The Colony is a beautiful gated community for active seniors with a large pool and nice golf course (we aren’t golfers but there are several in our family). It comes with the usual amenities, such as clubhouse, gym, tennis courts, bistro, and innumerable activities. At present due to the virus, these facilities have limited use and most activities are canceled. Speaking of Covid-19, we were fortunate to make trips for house searching and the two-day moving ordeal without coming down with it. This area of California takes prevention seriously, nearly everyone wears masks, and businesses follow guidelines for social distancing and limiting customers. We are very appreciative of this.

Of course, the noise level around the community is quite low. No more screaming kids! Our back patio feels like an oasis surrounded by tall palms and yew trees giving shade and seclusion. The house stays nicely cool due to thick stucco walls and great air conditioning. Yes, beware what you ask for—we’ve endured two intense heat waves with several days in triple digits. One might say unrelenting sun and blue skies. Not as dry as Palm Springs due to higher elevation (1200 feet), more vegetation, and proximity to the coast about 30 miles west. It’s a reverse weather pattern from Oregon, with two intensely hot months (July, August) and then temperate days with cool nights the rest of the year. Plus lots of bright sunshine.

Well, maybe I’m not so demented after all. Now let’s stay safe and take wise action so this virus pandemic can finally end. Maybe I’ll even get back to writing before too long!    

Not much that a good glass of wine can’t fix!

Leonide Martin, Author Historical Fiction

When Authors Must Stay At Home

Most of us are staying home or limiting where and when we go out.

Stay Home, Save Lives Order in Oregon

This is an important part of caring about each other and joining together to limit spread of Covid-19 and its harrowing toll of sickness and death. Life as we knew it is suspended for a while. There is much uncertainty about when things will return to any semblance of normal. We’re not able to see our family and friends face-to-face. We keep in touch by social media and phones. Many of us are expanding our comfort with virtual interactions and learning new tricks.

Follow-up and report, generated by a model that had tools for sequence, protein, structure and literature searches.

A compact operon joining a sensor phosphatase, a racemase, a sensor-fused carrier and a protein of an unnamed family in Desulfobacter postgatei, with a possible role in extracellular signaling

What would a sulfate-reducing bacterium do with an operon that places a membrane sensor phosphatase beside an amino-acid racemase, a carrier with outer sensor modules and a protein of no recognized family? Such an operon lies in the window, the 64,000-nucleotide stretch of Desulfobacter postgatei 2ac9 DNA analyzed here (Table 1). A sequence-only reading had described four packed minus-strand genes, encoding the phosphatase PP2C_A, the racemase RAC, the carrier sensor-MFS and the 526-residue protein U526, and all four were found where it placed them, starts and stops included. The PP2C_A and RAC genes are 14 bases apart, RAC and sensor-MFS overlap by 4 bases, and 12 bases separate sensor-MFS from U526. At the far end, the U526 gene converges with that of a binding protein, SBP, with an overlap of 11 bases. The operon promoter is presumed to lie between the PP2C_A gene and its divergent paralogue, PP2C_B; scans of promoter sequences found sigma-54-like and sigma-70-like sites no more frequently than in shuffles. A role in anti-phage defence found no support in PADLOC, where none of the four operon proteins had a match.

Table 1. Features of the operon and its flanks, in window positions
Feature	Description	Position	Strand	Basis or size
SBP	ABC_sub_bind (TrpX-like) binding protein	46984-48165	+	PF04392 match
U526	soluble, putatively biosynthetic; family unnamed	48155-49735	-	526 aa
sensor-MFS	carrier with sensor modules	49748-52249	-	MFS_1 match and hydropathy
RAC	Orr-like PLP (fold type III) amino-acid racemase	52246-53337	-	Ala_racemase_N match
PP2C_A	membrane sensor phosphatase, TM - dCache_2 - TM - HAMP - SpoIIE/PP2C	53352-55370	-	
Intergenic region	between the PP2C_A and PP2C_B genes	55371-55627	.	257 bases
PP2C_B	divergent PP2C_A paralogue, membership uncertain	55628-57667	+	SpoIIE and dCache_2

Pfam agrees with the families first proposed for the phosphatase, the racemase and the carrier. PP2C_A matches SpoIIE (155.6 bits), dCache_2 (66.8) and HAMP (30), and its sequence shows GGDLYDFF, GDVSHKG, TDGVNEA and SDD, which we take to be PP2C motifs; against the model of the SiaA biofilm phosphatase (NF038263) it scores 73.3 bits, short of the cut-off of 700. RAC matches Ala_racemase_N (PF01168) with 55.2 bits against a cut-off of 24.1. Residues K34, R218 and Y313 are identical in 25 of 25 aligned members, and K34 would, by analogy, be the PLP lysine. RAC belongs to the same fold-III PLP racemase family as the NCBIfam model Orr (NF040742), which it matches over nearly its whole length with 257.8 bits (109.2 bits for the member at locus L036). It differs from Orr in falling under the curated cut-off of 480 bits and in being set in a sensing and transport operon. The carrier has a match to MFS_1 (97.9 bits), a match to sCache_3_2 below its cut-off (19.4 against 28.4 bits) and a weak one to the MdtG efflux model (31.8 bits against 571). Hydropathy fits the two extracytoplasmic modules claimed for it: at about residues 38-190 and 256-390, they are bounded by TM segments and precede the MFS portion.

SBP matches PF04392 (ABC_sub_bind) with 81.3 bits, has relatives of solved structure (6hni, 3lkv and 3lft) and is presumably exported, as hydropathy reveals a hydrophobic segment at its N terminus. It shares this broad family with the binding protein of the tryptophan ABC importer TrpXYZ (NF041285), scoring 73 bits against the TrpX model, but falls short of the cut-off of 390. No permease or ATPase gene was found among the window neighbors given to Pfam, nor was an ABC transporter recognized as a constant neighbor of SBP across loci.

As an author, this “stay at home, stop the spread” reality is both familiar and oddly unsettling. It’s familiar since I already stay home a lot, especially since I’m retired (from a day job) and don’t need to go anywhere regularly. Many of my days were already spent facing my computer screen, doing research and writing. Days could pass without going out anywhere. But when I felt the need to take a break, get some physical activity, go shopping, or socialize with friends, these options were available.

Working at home, as usual.

Now they are not. For physical activity, I can take a walk being careful not to approach any other walker closer than six feet. I can do yoga or calisthenics at home—you know just how much appeal that has. For socializing, I can call people or engage in online messaging. That’s OK but not nearly the same as in person discussions. I can do some shopping, but need to put in an online order, hoping what I want is in stock, and set a time for pickup where the clerk puts the groceries inside the trunk. Or else, have things I’ve ordered online dropped off on the porch.

Order groceries online

Brave New World indeed!

Now you’d think that an author forced to stay at home would become wildly productive. You envision authors glued to their computers, keying out thousands of words. That new project should be a breeze with so much time. Take on new challenges and spiff up all your social media platforms. Finish those stories. Write amazing blogposts. Submit to awards and contests. Write book reviews by the dozens.

The funny thing is how hard I find it to get motivated. The national crisis has a way of sapping my energy and concentration. I try to avoid watching too much news, but there’s a dreadful fascination with how this pandemic is wreaking havoc across the world. My heart is heavy over such suffering and loss. Silently I urge on the leaders and health workers who contend with the worse of it. Serious concern wells up about workers and families upended as the economy takes a nose dive. We are all affected. We are all—as a planet—in this together. May we find our way through to a more cohesive and caring tomorrow.

See more of my writing.

Sunset behind island mountains
Sunset heralds a new sunrise.